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Showing posts from tagged with: spring health

Get-Healthy Ideas for Spring

Posted by Emily Ledergerber in Uncategorized | 0 comments

Flowers are blooming, the birds are chirping, and the sun is staying up longer. And here in Colorado, depending on what part you’re in, we may still even be shoveling snow. It’s this time of year that runners ditch their treadmill for the trail, spring fruit and veggie recipes start to emerge and people are embracing this great transition into summer. It's time for a healthy spring. healthy spring Here are four new ideas for embracing spring.

  • Start cleaning - Spring cleaning! Not only is it a good idea to declutter and organize your house, but take the time to recharge your mind and evaluate your social and work schedule to make more time for yourself.
  • Swap the winter soups with fresh salads. Get creative and swap out plain lettuce or romaine for arugula, spinach or kale. Also, try experimenting with new vegetables, like this Endive and Snap Peas Salad with a homemade dressing.
  • Get active outdoors! Take a run through the park or grab a friend for a hike. It's nice to come out of hibernation and get a dose of fresh air and feel re-energized in your workout. Get outside and get some fresh air while you work out.
  • Eat healthy and have a picnic. Pack a healthy lunch, grab your family, a blanket and head over to your favorite scenic spot. Not sure what to pack? Finger foods, like veggies or salsa are easy to pack and make for convenient snacking.
  We’re loving this spring weather and hope you are too. Take advantage of it and get outside to play.

Kids Health: Seasonal Allergies

Posted by Emily Ledergerber in Uncategorized | 0 comments

Kids Health- Seasonal Allergies Kids Health: Seasonal Allergies - Your kids are having sneezing fits, and cold-like systems —sneezing, congestion, and runny nose. Think it’s just a spring cold? It could actually be seasonal allergies. Colds and seasonal allergies have similar symptoms but generally happen at the same time every year. Often called "hay fever", otherwise known as seasonal allergic rhinitis, are allergy symptoms that happen during certain times of the year, usually when outdoor molds release their spores, and trees, grasses, and weeds release tiny pollen particles into the air to fertilize other plants. An immune system of one that is allergic to mold spores or pollen treat these particles (called allergens) are treated by the body as invaders, and your body feels the need to defend against them. It's the release of these invaders that causes allergy symptoms. Kids can be allergic to one or more types of pollen or mold. The type someone is allergic to determines when symptoms happen. For example, in some states tree pollination is February through May, grass pollen runs from May through June, and weed pollen is from August through October. That said, some kids with these allergies are likely to have increased symptoms at those times. Even kids who have never had seasonal allergies in years past can develop them. Seasonal allergies can start at almost any age, though they usually develop by the time a child is 10 years old and reach their peak in the early twenties, with symptoms often disappearing later in adulthood. Signs and Symptoms If your child develops a "cold" at the same time every year, seasonal allergies might be to blame. Allergy symptoms, which usually come on suddenly and last as long as a person is exposed to the allergen, can include:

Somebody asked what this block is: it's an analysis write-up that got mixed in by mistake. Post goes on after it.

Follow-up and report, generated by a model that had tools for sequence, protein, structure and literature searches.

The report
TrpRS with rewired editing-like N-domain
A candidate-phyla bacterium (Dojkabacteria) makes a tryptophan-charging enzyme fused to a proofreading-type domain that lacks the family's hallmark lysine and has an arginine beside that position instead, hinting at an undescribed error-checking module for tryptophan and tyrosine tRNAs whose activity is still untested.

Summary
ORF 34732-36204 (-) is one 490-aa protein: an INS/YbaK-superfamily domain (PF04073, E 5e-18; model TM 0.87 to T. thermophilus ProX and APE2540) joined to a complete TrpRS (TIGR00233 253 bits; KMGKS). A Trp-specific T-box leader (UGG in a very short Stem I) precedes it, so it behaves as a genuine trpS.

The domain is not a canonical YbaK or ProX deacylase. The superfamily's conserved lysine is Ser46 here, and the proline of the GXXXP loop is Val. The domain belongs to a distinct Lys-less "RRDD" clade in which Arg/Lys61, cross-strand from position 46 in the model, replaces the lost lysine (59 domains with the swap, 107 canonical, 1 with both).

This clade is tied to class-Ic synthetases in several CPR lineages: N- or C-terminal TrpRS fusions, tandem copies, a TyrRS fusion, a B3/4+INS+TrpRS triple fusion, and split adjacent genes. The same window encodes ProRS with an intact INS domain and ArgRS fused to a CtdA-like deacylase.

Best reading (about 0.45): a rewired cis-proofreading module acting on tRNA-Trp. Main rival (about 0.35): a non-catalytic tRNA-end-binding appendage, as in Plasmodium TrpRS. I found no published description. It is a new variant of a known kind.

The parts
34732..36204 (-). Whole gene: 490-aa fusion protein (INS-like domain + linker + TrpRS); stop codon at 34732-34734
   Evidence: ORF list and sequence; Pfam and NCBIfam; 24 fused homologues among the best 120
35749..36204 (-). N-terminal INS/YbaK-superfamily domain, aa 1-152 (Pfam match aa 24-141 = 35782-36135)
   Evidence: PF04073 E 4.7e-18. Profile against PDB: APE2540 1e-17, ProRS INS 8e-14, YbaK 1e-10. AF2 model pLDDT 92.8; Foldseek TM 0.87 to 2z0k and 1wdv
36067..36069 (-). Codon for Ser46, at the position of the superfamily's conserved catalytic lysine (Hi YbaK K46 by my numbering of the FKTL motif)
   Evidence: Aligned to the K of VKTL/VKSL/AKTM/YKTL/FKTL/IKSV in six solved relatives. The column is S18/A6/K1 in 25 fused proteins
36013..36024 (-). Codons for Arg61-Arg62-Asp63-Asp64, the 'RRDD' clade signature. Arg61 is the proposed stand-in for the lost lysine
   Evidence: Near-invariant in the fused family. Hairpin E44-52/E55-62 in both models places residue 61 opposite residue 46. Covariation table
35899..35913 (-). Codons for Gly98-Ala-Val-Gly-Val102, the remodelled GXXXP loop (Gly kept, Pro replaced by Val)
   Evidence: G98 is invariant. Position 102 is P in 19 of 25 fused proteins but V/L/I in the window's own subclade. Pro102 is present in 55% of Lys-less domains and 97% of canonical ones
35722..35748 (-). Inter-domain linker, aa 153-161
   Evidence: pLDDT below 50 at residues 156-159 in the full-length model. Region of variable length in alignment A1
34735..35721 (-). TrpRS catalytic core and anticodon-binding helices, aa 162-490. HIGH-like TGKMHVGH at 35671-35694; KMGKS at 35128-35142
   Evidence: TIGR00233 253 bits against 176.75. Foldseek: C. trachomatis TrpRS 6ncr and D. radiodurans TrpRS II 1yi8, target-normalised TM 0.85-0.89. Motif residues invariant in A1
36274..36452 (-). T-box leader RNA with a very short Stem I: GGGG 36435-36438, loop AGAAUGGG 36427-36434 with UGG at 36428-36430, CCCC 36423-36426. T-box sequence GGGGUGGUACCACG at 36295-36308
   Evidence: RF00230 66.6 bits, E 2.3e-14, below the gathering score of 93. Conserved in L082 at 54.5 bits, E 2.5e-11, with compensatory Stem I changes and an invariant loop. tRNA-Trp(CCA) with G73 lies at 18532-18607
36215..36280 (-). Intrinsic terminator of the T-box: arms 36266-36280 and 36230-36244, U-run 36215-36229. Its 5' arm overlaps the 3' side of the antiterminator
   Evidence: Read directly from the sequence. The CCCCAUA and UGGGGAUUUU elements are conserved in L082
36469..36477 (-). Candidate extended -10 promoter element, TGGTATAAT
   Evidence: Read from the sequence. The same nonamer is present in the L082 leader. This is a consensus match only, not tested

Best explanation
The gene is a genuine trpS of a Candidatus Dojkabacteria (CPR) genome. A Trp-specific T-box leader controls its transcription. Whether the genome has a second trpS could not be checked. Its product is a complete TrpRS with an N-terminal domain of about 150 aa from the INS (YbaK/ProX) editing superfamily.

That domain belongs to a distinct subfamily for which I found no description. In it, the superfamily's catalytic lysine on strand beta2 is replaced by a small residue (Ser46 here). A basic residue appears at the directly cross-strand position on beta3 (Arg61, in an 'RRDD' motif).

• Nasal congestion
  • Sneezing
  • Coughing
  • Itchy nose and/or throat
  • Clear, runny nose
  • Itchy, watery and/or red eyes